I would respond that your argument is loaded with presuppositions that have not been shown to be logically or objectively true, and that these presuppositions therefore ruin the question and make it illogical to begin with. I would simply point out logically that your question contains unknowns presented as truths and thus its merely speculative in nature. Basically, the argument lacks objective evidence to support its point.

      • Arjun L. Sen said, on December 29, 2015 at 7:38 pm

        The evidence for the strong anthropic principle is solidly established in cosmology and astrophysics. There are interpretations both for and against the God concept in this cosmology but even Stephen Hawking acknowledges that the incredible precision of over 200 constants in the universe requiring the universe to have certain properties for human intelligence to observe is highly suggestive. Quantum mechanics provides overwhelming evidence in favour of consciousness as an independent principle in the universe and other theories to leave God out of the equation like the many world’s theory are less rational and credible than the leaner strong anthropic principle which suggests a creator principle. It is not rational to believe the authority of any “holy books,” but it is cetainly irrational to insist on scientific materialism today and an oversimplification. Our wonderful technological capacity indeed points to the power of materialist science but it does not explain ultimate things. The attempt by scientific materialists today to insist on total explanatory power is irrational because it is contradicted by the evidence.

    • Patrick said, on October 14, 2015 at 3:44 pm

      That quote at the top is true, but the same is true of every claim made by atheists as well. As a result philosophical atheism or theism is unsupportable from the vantage point of logic and rationality alone.

      • arjunlsen said, on January 5, 2016 at 12:19 am

        Professor Anthony Flew, Britain’s greatest atheist philosopher for over forty years, finally changed his mind and agreed that there is a creator God in 2008. Read his book. To suggest that belief in God is irrational is ill-informed today. Scientific materialism is outdated today. But like all faiths,it holds on to its dogmas well past its intellectual sell-by date.

        • enoch said, on April 27, 2016 at 11:46 pm

          why would anthony flew have been “Britain’s greatest atheist philosopher”, do you believe that because its true, or do you believe that, because you do not truly know the greatest atheist philosopher in britain?

          depending on your response, your assumption that god exists might have to be shaken away.

      • Arjun_L_Sen said, on May 31, 2016 at 5:38 pm

        Read John Polkinghorne. He makes the case for a theistic view extremely well. There is no’proof’ either way but in so far as one can hold a metaphysical position taking scientific knowledge into account, he makes the case for the theistic view very effectively.

  7. Nal said, on July 10, 2013 at 12:50 am

    While one might dispute the arguments put forth by Anselm, Augustine, Descartes, Locke, Leibniz and others, they present considered arguments that make a reasonable case.

    Dispute? If one shows that those arguments are not valid or not sound, then those arguments do not make a reasonable case.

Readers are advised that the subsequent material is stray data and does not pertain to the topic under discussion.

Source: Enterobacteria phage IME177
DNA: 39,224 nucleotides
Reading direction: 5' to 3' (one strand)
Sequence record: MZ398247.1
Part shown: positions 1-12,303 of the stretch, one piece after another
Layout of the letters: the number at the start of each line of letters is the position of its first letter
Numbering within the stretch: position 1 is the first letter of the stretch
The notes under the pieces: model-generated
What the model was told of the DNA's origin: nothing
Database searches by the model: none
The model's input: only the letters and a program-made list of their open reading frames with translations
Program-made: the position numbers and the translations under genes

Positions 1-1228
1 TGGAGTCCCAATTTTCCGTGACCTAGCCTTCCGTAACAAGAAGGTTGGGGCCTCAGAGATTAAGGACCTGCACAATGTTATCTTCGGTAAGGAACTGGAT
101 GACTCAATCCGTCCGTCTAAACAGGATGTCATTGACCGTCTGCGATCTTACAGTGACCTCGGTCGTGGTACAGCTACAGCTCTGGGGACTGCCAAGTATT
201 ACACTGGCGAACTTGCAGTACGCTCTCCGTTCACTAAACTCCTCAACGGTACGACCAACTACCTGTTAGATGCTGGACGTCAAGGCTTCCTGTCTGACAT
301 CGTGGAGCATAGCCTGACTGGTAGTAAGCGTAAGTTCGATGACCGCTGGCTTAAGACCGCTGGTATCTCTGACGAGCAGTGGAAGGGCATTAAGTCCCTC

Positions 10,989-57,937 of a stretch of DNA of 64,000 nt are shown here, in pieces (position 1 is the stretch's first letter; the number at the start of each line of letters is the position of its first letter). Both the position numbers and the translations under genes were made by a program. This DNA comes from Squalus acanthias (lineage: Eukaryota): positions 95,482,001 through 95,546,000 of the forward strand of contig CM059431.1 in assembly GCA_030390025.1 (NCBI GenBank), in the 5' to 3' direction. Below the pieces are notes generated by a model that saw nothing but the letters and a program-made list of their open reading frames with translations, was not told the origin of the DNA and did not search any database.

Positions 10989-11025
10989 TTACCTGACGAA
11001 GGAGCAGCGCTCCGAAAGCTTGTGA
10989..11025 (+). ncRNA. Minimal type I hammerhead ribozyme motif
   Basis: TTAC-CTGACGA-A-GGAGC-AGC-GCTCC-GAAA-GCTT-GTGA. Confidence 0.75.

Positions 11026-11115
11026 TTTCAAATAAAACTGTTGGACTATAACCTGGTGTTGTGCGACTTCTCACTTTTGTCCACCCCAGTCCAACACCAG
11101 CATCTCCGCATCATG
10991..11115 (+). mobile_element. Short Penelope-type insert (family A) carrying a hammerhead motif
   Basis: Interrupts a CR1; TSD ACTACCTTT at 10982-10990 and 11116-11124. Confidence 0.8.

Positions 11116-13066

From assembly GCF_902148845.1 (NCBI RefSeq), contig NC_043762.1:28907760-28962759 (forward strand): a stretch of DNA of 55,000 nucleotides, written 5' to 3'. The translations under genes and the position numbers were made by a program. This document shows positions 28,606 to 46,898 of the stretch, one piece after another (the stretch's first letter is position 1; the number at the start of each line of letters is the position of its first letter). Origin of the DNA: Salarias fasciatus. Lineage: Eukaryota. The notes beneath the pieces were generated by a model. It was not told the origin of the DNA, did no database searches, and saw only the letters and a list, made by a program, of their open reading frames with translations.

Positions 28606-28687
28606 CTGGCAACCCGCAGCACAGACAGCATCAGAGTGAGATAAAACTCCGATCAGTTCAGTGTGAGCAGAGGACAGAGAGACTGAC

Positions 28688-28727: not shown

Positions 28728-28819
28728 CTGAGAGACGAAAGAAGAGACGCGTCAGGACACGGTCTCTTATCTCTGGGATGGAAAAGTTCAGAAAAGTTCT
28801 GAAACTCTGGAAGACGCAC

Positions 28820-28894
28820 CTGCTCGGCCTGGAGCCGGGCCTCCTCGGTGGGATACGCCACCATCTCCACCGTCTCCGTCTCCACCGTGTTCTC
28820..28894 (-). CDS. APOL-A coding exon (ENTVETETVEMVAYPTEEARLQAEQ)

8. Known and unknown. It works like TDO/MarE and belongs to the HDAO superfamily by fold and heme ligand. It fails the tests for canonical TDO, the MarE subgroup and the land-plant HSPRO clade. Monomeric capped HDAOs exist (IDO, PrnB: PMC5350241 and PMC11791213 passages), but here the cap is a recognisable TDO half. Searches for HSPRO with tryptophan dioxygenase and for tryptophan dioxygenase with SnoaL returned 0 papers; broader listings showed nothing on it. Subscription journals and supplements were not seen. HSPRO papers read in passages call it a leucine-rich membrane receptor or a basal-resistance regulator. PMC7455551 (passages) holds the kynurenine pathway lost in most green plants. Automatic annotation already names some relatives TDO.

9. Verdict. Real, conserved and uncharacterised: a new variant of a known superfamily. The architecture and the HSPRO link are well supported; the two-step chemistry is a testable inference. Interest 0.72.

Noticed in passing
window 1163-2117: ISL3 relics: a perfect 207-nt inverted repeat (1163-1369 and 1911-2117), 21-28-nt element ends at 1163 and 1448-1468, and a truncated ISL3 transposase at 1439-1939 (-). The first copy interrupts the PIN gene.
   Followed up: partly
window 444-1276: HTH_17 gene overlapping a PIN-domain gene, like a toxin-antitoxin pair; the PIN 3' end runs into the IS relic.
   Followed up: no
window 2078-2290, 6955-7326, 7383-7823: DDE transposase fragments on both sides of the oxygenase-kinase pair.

If it is reasonable to believe in God and it is reasonable not to believe in God, what does that say about reason. If it is reasonable to believe in God then it is unreasonable not to believe in God, and vice versa.

  8. Lucifer said, on August 9, 2014 at 3:58 pm

    But, perhaps not believe in A god is irrational, but believe in a omnipotent god is. The world around us is inperfect. A onnipotent god would either:
    -not allow what to occur if he is good
    -not allow me to spread this idea if he is evil

    • Ian James said, on August 10, 2014 at 3:31 am

      Hell is empty and all the Devils are here!
      ~ The Tempest.

    • arjunlsen said, on January 2, 2016 at 4:09 am

      Omnipotence is one of the most misunderstood concepts. All religions suggest that the material world necessarily includes suffering because the laws governing matter require it. Our condition of being mired in the material world owes to a fall from a state of grace. Most world religions agree on this though their myths in their holy books tell different nt stories. Modern Christian apologists like Dinesh d’Souza show how natural calamities produce both good and bad effects andvare in fact necessary for the processes of the may riwl world. Human calamities arise because of our comparative free will to make choices – and the leaders of men usually choose bad ones. If God fixed everything there would be no need for choices and the moral drama played out in this world. Therefore deploring an imperfect world and suggesting that this denies God’s omnipotence is to misunderstand the cont t entirely.

    • enoch said, on April 27, 2016 at 11:48 pm

      Perhaps, you are simply lacking in the knowledge of what an omnipotent “god” might do or allow.

    • Arjun_L_Sen said, on May 31, 2016 at 5:40 pm

      Again, read John Polkinghorne who answers why God allowed the world to be as it is. I can’t be asked to rehash his excellent argument myself. Read him and then come back to me on this.

    • Arjun_L_Sen said, on May 31, 2016 at 5:43 pm

      You need to understand that omnipotence does not mean that God will fix this world t make it comfy for us. Thus is the basic fakkacy of popular theodicy and that stops most people today looking again at what God is. Again, read Polkinghorne and D’Souza who outline the strength of the free will defence in the scientifically explicable world.